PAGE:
Google Grants $2 CPC Bid Change – A month after
A month ago Google announced that it was increasing the maximum bid amount through its Google Grant program from $1.00 to $2.00.
This was met with great fanfare from the non-profit organizations that are taking advantage of this tremendous marketing opportunity. The previous $1.00 CPC maximum bid has been in place since the beginning of the Google Grants program in the mid-2000s.
A lot has changed in paid search marketing since then. Thankfully, Google has stepped up and helped out non-profits by allowing them to remain competitive on Adwords with this adjustment.
In that same email Google also announced that it would be placing Google Grant ads below that of paid advertisers. The chatter among PPC world was that this could potentially nullify the bid increase and effectively punish those non-profits that were expertly managing their Google Grant.
Over the past month we have monitored both of these changes in the accounts that Media Cause manages. Media Cause offers paid management services by Google Certified professionals and also free services through our volunteer platform.
On January 28th, we changed every keyword bid in both the professionally managed accounts and on the volunteer platform. We were not exactly sure what the result was going to be, namely because we didn’t truly know how Google was implementing the “Grant ads will appear below paid ads” policy. We figured it was better to err on the side of caution and shoot for at least the #2 ad placement position. Also, on some of our GrantsPro accounts we have no been spending our entire $40,000 a month budget and we hate leaving free money on the table, so we hypothesized that this would allow us to get into more expensive keyword auctions.
Mixed bag. We took a look at seven key performance indicators:
- Account Spend
- Cost Per Click
- Conversion Rate
- Average Position
Premium Accounts – Grantspro
With Premium GrantsPro accounts we saw an average increase of 54% in total spend and a 93% increase in CPC ($.65 to $1.27). Â Some accounts saw an increase in impressions, others didn’t. Some saw an increase in conversions, others didn’t. There were no big “Ah Ha!” moments when looking at the premium accounts data at first glance – except for one – average position remained flat (2.89 versus 2.97).
Volunteer platform Accounts – standard Google Grant accounts
Accounts on our volunteer platform had a much more significant benefit from the $2.00 CPC bid raise. Results below are from 50 standard Google Grant Accounts.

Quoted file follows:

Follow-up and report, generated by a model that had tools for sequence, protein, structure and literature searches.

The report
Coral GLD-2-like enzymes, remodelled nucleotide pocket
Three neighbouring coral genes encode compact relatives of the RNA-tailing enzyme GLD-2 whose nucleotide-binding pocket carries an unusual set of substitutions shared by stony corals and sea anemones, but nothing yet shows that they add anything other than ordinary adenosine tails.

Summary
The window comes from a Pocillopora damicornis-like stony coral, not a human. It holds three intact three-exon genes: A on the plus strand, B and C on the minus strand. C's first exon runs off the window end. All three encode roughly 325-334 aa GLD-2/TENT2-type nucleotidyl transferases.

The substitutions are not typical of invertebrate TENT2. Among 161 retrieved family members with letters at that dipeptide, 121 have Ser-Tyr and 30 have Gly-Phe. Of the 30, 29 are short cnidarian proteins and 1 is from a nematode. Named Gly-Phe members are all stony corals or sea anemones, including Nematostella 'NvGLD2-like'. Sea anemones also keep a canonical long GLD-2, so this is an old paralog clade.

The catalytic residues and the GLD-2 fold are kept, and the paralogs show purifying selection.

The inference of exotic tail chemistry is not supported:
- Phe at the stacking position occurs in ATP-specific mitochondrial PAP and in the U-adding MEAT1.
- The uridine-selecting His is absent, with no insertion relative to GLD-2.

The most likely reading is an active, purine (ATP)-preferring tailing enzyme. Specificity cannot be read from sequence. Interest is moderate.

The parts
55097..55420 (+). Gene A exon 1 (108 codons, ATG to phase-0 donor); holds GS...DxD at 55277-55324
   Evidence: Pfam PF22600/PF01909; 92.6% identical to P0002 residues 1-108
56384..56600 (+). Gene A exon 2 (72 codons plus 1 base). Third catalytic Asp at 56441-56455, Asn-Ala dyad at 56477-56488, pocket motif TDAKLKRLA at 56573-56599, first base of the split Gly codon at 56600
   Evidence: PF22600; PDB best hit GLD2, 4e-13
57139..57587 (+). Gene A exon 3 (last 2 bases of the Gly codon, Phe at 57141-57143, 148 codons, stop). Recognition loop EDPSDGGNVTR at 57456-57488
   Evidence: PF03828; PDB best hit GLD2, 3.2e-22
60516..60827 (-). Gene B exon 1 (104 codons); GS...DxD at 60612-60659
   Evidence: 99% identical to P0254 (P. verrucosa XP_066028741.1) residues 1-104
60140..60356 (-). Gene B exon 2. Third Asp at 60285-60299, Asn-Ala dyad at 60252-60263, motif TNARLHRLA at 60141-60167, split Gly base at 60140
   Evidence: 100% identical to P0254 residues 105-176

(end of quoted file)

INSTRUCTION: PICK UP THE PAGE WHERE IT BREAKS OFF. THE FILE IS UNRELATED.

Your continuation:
- Clicks rose 3.93%
- Impressions rose 37.97%
- CTR declined (expectantly) 24.67%
- Avg CPC increased 52.64%
- Spend increased 58.64%
- Avg position went from 3.2 to 3.63
- Conversions increased 8.59%
Increasing the bid to $2.00 won’t necessarily increase your effectiveness with the Google Grant program. We wish it were that easy. Truth of the matter is Google Adwords is a sophisticated marketing tool. Our data shows on accounts that were professional managed we didn’t see any significant positive effects. In fact, we saw a drop in conversions by 15%, which can be attributed to the fact we were paying more for clicks than in the previous month and that reduced the amount of clicks we received overall – thisÂ stymied our conversion numbers. Our approach of raising all of the keyword bids in the account was incorrect, and we will need to take a closer look at individual keyword bids based on conversion numbers and cost-per-conversion to see which keyword bids are actually worth raising. An important note to make is our professionally managed accounts have been managed by an Adwords certified professional and are continually optimized for conversion. These account were already performing at very high standards previous to the CPC bid change.
On the other hand the Volunteer platform accounts are not managed as heavily and showed immediate positive effects. Namely, these accounts were able to get more impressions, thus more clicks. The $2.00 CPC change allowed these accounts to spend more money out of their budget, but the jumps in spend didn’t have a reciprocating effect on conversion.
When thinking about your approach for your Google Grant, be sure to look at what you overall goals are with Adwords. It shouldn’t be getting more clicks and traffic. Ultimately, that doesn’t mean much if you are not doing anything with the traffic. While raising your bids across the board to $2.00 will give short-term gains, it is best to have an effective conversion strategy in place and then start spending your budget wisely as it effects those conversions.
To learn more about Media Cause’s Google Grant management program, please click over or shoot us a line. We are always happy to share our knowledge.